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Five Takeaways From Wild Vs. Devils

by Evan Sporer / Minnesota Wild

Following Wild games, Content Coordinator Evan Sporer will give the Five Takeaways that he remembers from the contest. Tonight, he looks back at the Wild's 2-1 loss against the New Jersey Devils at Xcel Energy Center.



FIRST TAKEAWAY



A game after the Minnesota Wild took 15 shots in the second period of a big divisional win against the Dallas Stars, its game Sunday against the New Jersey Devils had a decidedly different feel.



The pace and execution level the Wild sustained against Dallas wasn't there. The offensive zone time Minnesota had, forcing Dallas to defend for long stretches, turned into primarily one-offs.

"We go out and beat a top team in their own building like that and then come out like that and not play a full 60 — we’re too good of a team to come out flat like that and not play our game," Charlie Coyle said. "We can’t afford games like that."

Before the game on Sunday, Head Coach Mike Yeo cautioned against the Wild suffering a letdown, but that warning alone wasn't enough.

"It was a pretty ugly, uneventful game," Zach Parise said. "For whatever reason [at home], we’re not playing with any pace, we’re not controlling the puck well, we’re not moving it well, but we’ve just been flat."



The Wild didn't concede much defensively, allowing 17 shots on goal, but had difficulty finding any offensive rhythm. 


"I mean, seven shots after two periods in your own rink against a team that, no disrespect to them, but they’ve got a lot of guys injured, a lot of minor league players that are playing for them; it’s not good enough," Parise said. "We want to catch Chicago, we want to catch St. Louis; we can’t come out and play like that.

"

SECOND TAKEAWAY



Not only did Parise score against his former team on Sunday, but it was also a milestone goal. 



Parise, who leads the Wild with 16 goals this season, has now scored against all 30 teams in the NHL. 



The damage was done from Parise's usual spot, in that home plate area around the goal. He set up shop atop the crease, and Mikko Koivu weaved his way down toward the goal line. Just when it looked like Koivu might make his way behind the net, he laid a pass back in the direction of Parise, who one-timed a puck inside the far post to tie the game at one (VIDEO).



THIRD TAKEAWAY



Two quick minor penalties in succession put the Wild on the wrong end of a 5-on-3, and in a tough spot, at the end of the first period.



Goals scored just before intermissions always seem to swing momentum, but the Wild escaped 42 seconds of the 5-on-3 to end the first, and then killed off the final 55 seconds to open the second period on fresh ice, never an easy task. 



The trio of Mikael Granlund, Ryan Suter, and Jared Spurgeon was out for the tail-end of the penalty kill, and did a masterful job of practically shutting down the five New Jersey skaters. The Devils possessed the puck in the zone, working it around, but were kept to the outside. 



In all, the Devils recorded one shot on goal over the final 55 seconds of their two-man advantage, a wrist shot from 16 feet out by Travis Zajac.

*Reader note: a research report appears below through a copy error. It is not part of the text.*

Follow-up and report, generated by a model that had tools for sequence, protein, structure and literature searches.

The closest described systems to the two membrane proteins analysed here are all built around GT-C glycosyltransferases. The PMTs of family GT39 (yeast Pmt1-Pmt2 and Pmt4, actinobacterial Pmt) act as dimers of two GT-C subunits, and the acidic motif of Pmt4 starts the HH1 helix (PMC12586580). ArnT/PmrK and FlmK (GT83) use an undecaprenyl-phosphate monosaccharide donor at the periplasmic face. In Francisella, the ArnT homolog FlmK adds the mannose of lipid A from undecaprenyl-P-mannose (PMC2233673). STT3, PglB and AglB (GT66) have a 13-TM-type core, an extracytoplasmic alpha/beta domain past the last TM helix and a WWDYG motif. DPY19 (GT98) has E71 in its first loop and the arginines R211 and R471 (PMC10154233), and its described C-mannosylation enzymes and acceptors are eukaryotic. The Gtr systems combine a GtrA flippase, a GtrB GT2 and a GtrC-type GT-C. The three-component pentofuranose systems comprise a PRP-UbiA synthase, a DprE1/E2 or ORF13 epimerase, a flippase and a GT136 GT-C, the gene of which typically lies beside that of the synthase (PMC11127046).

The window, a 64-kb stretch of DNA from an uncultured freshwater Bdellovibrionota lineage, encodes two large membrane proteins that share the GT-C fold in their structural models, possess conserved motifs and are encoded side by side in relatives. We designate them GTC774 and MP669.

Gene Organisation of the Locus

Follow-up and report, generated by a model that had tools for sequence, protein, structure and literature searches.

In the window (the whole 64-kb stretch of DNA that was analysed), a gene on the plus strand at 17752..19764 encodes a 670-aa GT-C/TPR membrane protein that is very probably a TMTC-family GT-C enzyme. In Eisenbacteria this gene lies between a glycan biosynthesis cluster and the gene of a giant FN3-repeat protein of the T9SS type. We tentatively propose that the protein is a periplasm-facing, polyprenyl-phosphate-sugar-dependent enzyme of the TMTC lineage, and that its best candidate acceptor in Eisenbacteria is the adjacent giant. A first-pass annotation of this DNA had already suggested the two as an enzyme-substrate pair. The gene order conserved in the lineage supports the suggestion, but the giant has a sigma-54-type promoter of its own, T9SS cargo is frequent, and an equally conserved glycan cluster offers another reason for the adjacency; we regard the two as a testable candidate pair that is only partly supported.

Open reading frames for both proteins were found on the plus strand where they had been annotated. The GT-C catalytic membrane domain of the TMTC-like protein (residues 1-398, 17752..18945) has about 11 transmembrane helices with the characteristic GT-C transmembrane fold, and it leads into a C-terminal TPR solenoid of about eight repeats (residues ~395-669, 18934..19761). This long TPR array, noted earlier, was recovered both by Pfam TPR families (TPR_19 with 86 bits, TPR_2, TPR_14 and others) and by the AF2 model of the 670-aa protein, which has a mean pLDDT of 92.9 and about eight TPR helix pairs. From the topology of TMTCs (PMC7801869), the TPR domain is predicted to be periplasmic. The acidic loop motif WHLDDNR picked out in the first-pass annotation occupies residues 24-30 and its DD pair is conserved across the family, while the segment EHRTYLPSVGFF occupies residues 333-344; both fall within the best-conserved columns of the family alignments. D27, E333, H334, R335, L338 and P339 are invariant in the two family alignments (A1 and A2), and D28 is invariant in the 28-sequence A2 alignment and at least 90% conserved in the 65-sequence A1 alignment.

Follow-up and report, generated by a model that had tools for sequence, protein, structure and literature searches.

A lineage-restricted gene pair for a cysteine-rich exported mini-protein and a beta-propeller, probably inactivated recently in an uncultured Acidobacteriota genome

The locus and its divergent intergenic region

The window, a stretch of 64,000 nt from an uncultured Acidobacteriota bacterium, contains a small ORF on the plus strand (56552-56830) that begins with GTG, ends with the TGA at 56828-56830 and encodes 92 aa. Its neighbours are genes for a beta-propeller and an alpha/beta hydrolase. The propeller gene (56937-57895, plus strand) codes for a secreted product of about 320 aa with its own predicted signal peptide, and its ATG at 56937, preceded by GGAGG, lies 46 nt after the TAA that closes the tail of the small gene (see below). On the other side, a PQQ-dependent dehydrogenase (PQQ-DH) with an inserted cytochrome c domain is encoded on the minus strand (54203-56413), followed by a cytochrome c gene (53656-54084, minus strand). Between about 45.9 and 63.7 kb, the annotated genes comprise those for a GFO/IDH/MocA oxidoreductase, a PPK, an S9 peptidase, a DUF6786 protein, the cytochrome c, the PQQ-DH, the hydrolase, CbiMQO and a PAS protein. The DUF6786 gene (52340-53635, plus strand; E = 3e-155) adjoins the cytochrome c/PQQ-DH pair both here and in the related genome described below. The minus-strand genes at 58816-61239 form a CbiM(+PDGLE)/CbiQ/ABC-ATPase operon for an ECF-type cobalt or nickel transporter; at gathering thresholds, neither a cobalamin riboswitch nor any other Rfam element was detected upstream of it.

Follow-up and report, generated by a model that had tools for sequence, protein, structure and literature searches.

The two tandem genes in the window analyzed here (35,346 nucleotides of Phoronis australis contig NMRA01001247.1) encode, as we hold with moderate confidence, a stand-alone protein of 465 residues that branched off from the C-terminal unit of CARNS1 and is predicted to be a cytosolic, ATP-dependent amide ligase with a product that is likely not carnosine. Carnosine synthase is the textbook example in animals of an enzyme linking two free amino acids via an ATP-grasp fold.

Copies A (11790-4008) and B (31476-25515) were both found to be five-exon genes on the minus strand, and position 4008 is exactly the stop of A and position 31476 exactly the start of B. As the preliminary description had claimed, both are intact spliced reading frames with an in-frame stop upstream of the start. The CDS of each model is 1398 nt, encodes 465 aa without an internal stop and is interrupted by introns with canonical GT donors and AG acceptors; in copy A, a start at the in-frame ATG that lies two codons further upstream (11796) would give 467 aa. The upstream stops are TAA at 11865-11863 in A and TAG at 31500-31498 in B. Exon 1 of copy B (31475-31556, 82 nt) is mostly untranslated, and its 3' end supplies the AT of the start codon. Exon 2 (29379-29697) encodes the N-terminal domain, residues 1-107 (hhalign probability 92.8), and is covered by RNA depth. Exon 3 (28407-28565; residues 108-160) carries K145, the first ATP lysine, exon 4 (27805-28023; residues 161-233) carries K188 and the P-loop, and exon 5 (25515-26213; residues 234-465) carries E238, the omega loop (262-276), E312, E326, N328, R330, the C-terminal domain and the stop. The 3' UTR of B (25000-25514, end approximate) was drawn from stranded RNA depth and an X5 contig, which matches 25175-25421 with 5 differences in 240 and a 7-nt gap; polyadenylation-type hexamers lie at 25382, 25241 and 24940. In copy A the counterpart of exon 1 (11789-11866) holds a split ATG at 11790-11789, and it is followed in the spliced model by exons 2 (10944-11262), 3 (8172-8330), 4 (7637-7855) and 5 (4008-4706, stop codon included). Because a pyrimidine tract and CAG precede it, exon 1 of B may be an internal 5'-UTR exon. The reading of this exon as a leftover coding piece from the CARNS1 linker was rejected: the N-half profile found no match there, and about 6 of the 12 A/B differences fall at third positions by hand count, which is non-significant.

During that sequence, Granlund and Spurgeon each blocked a shot, the Wild forced the Devils into shooting wide, before the 5-on-3 became a 5-on-4, and then the Wild was at even strength.



FOURTH TAKEAWAY


Darcy Kuemper, who recently missed six games with a concussion, returned on Sunday. 



Though he backed up in the Wild's 2-1 win against Dallas on Saturday, the game against New Jersey was his first action in goal since December 22. While there is never a good time for an injury, Kuemper was held out at a time he was playing some of his best hockey.



Getting Kuemper back now is crucial considering how busy the schedule is for Minnesota. Devan Dubnyk played a back-to-back last week in Florida, and including the one the Wild just played, Minnesota will have four sets of back-to-backs in four weeks. 


"I think I've had one pregame skate with the group since I’ve been back," Kuemper said. "Some of the timing needs to be a little bit sharper. I need a little more practice time."

And while Dubnyk was a workhorse (and a very dependable one) last season, having an effective understudy will be critical in getting Dubnyk the rest he needs to be successful late in the season.



FIFTH TAKEAWAY



He knew what was coming, but a funny hometown, rookie welcome for Minnesota-native Mike Reilly in his first game at Xcel Energy Center.

As pregame warmups began, it was Reilly, and not Kuemper, who led the Wild out onto the ice. 



Now call it a hunch, but Reilly probably knew what was coming next. With a conversation that probably went something like, "Hey Mikey, we want you to lead us out onto the ice tonight," Reilly sure knew he was in for some rookie hazing. 


"I had a little clue that was possibly going to happen," Reilly said. "I think they tried to take my helmet away from me too on the ice for a quick twirl without the bucket on. It was all fun.”

So as the 22-year-old hopped over the boards, leading the charge, he wasn't followed by his teammates. Instead, Reilly skated a lap around the Wild's half of the ice, by himself.

"I guess it happens to a lot of guys for their first home games, so it was kind of cool," Reilly said. 



He went on to turn in the stronger of his two weekend performances, jumping into a few rushes and coming very close to scoring his first NHL goal on two occasions.

"I was more nervous for tonight's game than yesterday's, but I was just trying to contribute, and use my speed," Reilly said. "Defend well first, and then if there's a chance to jump, and it's the right time, then yeah do that."

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